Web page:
This is the third part of an ongoing weekly diary. Ginger Sanders will share the emotional journey she is taking with her husband, John, as they discover his onset of Alzheimer’s. Over 5.4 million Americans are living with Alzheimer’s disease; one in eight older Americans have it. Ginger and John Sanders did not expect to be among those statistics. Ginger’s touching story puts a real face and real name on the statistics and – she hopes – will help all of us understand what so many of our fellow Americans are going through.
By Ginger Sanders
Exclusive to KyForward
How do you begin tell your family that their Pops/John has a life threatening disease and the doctor says to live life one year at a time?
ONE YEAR AT A TIME.
How can our lives be turned so upside down in moments?
We have 10 grandsons with another grandson on the way. It was bad enough that we were all in a quandary of what was happening to John. But the finality of the diagnosis absolutely takes your breath away.
John Sanders with his grandson Jake.
Everyone was waiting to hear the verdict. Our youngest daughter, Lindsey, has been with me very step of the way as we struggled to determine what was happening to John. Although we promised to call her as soon as we received the diagnosis, I vacillated since we still hadn’t comprehended the impact.
Once we could take a full breath and sitting in the clinic’s hallway, we dialed her number. The phone barely rang before it was snatched up. Lindsey said, “Mom, is it bad?” I almost sank to the floor as I told her the diagnosis. She took a huge breath and said, “Mom, how do we fight this?” I repeated everything we were told especially about MUSC’s Alzheimer’s Clinical Studies. She was adamant that I contact MUSC immediately. We talked about the prescribed medicine, Aricept, and next steps for John. Although Aricept is one of the few Alzheimer’s medications, it does not cure or stop the disease, it only slows it down.
Oh my God, ONE YEAR AT A TIME.
Since we were in Lexington, we called our sons, Patrick and Matthew, to meet for lunch. We sat at the dining room table. Isn’t that where all important talks take place? I looked into the boys’ eyes. They were filled with worry and apprehension. John’s eyes were glistening and I was shaking all over. We sat down and held hands. I said “there is no easy way to tell you this, but Pops has been diagnosed with early onset Alzheimer’s.”
Patrick looked as if he had been struck. The pain in his eyes was almost palpable. Tears began rolling down both boys’ cheeks. The look between John and Patrick said “we should have done more things together, we should have talked more.”
Matthew was equally devastated. They turned to me for the complete doctor’s diagnosis. I recounted the cause of John’s Alzheimer’s (the childhood injury), medication available, MUSC and that we were to plan for only one year at a time.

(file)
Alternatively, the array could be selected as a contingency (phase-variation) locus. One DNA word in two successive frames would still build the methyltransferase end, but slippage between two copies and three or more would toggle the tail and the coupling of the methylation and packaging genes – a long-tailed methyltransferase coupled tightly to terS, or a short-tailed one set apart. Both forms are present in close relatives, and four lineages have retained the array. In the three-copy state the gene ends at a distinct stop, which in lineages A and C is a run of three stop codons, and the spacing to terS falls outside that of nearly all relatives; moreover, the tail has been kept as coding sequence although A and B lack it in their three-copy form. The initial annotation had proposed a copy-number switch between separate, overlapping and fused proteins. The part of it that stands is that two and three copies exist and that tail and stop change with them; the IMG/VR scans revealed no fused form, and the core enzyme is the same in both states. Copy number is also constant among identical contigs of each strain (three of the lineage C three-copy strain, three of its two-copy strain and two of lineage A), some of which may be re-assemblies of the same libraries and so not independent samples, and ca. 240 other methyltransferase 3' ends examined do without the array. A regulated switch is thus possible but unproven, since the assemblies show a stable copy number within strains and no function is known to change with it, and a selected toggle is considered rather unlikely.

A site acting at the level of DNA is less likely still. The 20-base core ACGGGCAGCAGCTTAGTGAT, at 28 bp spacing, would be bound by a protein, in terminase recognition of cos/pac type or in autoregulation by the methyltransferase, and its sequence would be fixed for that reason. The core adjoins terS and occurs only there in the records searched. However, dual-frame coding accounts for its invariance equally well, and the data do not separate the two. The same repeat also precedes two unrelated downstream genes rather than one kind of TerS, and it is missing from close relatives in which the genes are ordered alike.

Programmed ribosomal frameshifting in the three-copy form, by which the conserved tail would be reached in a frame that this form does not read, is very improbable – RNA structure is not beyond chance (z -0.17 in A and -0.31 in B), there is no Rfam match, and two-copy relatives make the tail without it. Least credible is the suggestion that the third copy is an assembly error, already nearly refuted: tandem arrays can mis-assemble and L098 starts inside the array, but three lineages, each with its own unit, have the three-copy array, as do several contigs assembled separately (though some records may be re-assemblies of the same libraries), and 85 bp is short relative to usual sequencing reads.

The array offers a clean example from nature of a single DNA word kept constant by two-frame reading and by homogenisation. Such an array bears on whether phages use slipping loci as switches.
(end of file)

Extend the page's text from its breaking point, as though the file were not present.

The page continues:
Patrick, spoke first, pledged that he and his family would do anything we needed, anytime, anywhere. He said he would break it to the Indians (Tommy, Jake and Carson). And bless him; he has lived up to his promise. Matthew repeated the same pledge. I wished I could take some of the pain from them. We then just cried and held each other.
We called Beth and Jill, our daughters, who were also devastated but relieved that there was a name for Pops’ condition. We broke the news to the rest of the family. Misbelief, anger and grief flooded everyone’s hearts. I don’t think I could have survived this diagnosis without the support of our family.
John and Ginger Sanders' grandsons, (from left) Jake, Tommy and Carson.
That weekend, the Indians (Tommy, Jake and Carson) came out to the farm so we could talk with them about Pops’ illness. How do you explain that their grandfather has a life threatening disease? You don’t, you focus on the positive steps you are taking. We sat on the porch swing and I took them into my arms. As they sobbed into my chest, they told me they didn’t want Pops to die. I shared with them how Pops was going to enroll into MUSC’s clinical trial which could be a cure, plus the medicine he was taking would slow down his illness. They asked questions like, “When will we know if the medicine is working?” Carson’s response, “Pops can’t be sick, he doesn’t even look sick.”
Again the cruelty of this disease, you can’t see it but it is there.
I assured them that we were going to do everything to stop the disease but in the meantime, we needed to enjoy being with each other and to keep Pops in our prayers.
It is such a blessing to have such loving families. However, it is my neighbor and best buddy, Barbara Pierce, who has been the one to whom I can turn to cry and rage against the injustice to my John and our life. She is not only there to wipe my tears and calm my rages but takes care of our farm and dogs when we can’t be there. With the help of God and the strength of our families, we began the war against this malevolent disease.
I will not let it take My John.
Next Thursday: John’s MUSC clinical trial
Although Ginger is a vice president of sales for a renowned antimicrobial company (SAS Global Inc.), her main objective is to stymie the onslaught of Alzheimer’s on her husband, John. Ginger lives with her husband and three dogs on their farm in Lawrenceburg. A dedicated family person, she and her husband have 11 grandsons. Ginger Sanders is a transplant from South Carolina and a product of the University of South Carolina where she majored in the English Literature. She has taken on the fight of Alzheimer’s to win and help others as they struggle through the quagmire of this disease. She can be contacted at firstname.lastname@example.org.
Read all of Ginger’s diary entries